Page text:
It isn’t every day that we celebrate a 50 year-long career, especially when you are only 55! Born and raised in a musical family, Lucky Peterson, was a child prodigy of the blues. “My dad fed me the blues before I could walk. I played organ before I knew how to speak.” Lucky grew up in the atmosphere of a blues club, the Governor’s Inn, run by his father, James. Along the way, this native of Buffalo, New York crossed paths with many giants including Jimmy Reed, Muddy Waters, Buddy Guy, Willie Dixon, Junior Wells, Bobby Blue Bland, and Little Milton. He began discovering the world scene as soon as he was old enough to travel, gaining recognition and starting a robust discography along the way. This year we celebrate his 50-year career with his latest album, “50 - Just Warming Up!” (2019 / Jazz Village / PIAS). Lucky—who learned to play keyboards with Jimmy Smith and took up guitar by listening to the three Kings (B.B., Albert, and Freddie)—says “this universal thing has not yet had its final word.”
The album “50 - Just Warming Up!” begins with a pumped up electric blues to suit every desire. It features guitars on fire and organs on speed, and helps us ring in his 50 year career. “Look at me!” he says, demonstrating his vitality, still quite intact. And that’s just the beginning. The album continues with “Pack It Up,” an awesome track made famous by Freddie King containing high-energy rhythm with a streaked guitar and a gusty brass section. Lucky’s re-make is top notch and, the tension meter is strong. The organ on “Dreaming About You” invokes powerful gospel and guitar virtuoso Shawn Kellerman masterfully uses the wah-wah pedal in his playing. While on “Don’t Want Nobody But You,” singer Tamara Trammel who regularly accompanies Lucky on tour along with his faithful group the Organization, brings in a Texas flare and passionate vocals. Her velvety voice in this love song contrasts perfectly with his hoarse timbre. Love is also in question in an upbeat song entitled “Repossess Your Love”. The subject of love continues in “I Will Die 4 U,” this time sung in a romantic style with percussive caresses and sifting violins perfectly blended—a sheer thrill.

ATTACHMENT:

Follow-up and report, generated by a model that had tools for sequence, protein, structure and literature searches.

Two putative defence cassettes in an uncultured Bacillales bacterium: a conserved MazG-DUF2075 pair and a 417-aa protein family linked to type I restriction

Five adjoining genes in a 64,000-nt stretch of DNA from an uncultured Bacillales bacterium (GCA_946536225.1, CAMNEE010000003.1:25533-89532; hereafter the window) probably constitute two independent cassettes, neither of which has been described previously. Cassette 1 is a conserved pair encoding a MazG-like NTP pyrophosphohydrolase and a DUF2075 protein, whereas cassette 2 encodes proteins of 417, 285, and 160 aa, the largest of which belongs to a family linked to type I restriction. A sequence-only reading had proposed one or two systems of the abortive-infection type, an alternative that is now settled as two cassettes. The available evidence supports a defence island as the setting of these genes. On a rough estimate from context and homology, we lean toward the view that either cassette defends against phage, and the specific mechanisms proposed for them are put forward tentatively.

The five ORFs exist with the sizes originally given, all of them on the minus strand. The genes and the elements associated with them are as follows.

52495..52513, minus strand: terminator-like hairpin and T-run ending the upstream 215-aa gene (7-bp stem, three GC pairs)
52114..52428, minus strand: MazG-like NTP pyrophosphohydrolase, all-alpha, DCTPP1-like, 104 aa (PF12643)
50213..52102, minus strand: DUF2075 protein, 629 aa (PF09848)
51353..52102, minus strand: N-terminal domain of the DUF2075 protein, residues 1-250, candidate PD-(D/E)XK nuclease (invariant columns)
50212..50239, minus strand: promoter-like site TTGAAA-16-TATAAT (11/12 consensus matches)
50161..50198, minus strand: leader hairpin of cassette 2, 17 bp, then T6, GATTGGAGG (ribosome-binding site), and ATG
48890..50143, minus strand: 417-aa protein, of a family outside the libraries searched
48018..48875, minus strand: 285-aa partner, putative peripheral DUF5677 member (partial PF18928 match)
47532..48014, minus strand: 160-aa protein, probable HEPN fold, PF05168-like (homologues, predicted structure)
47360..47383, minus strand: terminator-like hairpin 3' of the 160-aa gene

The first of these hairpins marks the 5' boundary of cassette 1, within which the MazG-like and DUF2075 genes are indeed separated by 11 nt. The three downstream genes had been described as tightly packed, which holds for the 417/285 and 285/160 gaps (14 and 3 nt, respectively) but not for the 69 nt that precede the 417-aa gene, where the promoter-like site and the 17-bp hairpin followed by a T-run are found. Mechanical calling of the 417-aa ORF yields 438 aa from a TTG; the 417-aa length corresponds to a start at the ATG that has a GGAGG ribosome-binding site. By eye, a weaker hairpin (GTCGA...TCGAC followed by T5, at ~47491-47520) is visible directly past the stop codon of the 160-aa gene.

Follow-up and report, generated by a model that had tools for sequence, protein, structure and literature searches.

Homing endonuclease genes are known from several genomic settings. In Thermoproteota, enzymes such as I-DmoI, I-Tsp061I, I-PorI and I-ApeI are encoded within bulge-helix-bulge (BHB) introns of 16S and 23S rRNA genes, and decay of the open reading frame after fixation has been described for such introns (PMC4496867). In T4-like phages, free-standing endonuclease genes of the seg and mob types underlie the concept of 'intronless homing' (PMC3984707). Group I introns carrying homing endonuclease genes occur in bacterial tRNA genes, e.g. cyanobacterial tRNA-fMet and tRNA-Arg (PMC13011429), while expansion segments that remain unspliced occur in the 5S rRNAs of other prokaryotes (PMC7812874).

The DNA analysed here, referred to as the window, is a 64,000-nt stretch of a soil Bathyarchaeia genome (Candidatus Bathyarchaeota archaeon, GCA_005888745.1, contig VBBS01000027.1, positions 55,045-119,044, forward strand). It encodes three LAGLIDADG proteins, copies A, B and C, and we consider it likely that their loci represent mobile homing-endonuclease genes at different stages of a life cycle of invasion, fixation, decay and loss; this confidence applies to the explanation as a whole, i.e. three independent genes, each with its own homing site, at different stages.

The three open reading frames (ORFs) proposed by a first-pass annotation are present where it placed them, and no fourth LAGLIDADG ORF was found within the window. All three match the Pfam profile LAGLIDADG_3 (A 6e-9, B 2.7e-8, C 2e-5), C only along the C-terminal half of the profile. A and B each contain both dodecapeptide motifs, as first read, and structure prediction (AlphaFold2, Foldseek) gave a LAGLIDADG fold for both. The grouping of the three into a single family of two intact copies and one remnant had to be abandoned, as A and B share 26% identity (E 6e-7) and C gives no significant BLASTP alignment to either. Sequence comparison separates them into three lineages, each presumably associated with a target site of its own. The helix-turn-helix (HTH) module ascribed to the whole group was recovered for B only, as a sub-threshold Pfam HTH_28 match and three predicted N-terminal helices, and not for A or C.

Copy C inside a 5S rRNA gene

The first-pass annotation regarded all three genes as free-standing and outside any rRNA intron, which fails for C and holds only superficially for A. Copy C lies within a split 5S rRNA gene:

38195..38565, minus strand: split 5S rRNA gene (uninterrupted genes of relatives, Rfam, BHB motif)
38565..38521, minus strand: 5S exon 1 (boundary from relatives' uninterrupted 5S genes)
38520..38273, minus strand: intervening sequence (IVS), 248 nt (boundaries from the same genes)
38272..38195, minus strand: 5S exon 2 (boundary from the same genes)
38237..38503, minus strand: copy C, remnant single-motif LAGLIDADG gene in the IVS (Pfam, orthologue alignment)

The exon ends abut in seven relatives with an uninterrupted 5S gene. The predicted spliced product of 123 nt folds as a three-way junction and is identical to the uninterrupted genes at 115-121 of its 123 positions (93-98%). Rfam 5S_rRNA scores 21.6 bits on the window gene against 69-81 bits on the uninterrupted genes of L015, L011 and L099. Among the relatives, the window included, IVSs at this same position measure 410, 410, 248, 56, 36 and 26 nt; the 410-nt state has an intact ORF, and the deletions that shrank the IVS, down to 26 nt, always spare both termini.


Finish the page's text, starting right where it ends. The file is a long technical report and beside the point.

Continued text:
Lucky, with his distinct style also takes the helm to honor his mentors including B.B. King doing “Never Make Your Move Too Soon”. A life-long disciple of Jimmy Smith, “Clickety Click” with its jazz funk tempo and keyboards is a tribute to this legendary Hammond B-3 player. Lucky is adept in conjugating the blues that has rocked him from childhood in a multitude of ways, and which makes his sense of the blues so invigorating. In “The Blues is Driving Me”, he employs a tempo that flirts with the swaying syncopations of reggae. The lyrics speak of his intimate relationship with the music that chose him “more than I chose it.” Yet this does not prevent him from playing the blues straight such as in “Angel of Mercy” and “Going Where My Roots Come From,” a tune pierced with powerful guitar solos. Similarly, in “Let the Good Time Party Begin,” the composition is steeped in traditional blues and accented with the harmonica of Sugar Blue. The song is purely a good time, to paraphrase the title. He weaves these songs together with “Taking Care of Mine,” in which the French rapper Aelpéacha joins him, and with “Kissin’ on my Lips” with Jakk Jo. The latter is a refined orchestration, reduced to the bone with a beat that pulses with no effort and a guitar that adds its touch with single notes, all the while enhancing the two voices from America that contrast one another. The song is sure to be a hit! And last but not least, we end where it all began, in church, the cradle of African-American music, with two gospel classics, “Amazing Grace,” and “Precious Lord,” in which Lucky, the amazing child of the blues, communes with Sharon Riley. Their heavenly voices rise to address the All-Mighty. And Good God, does it groove!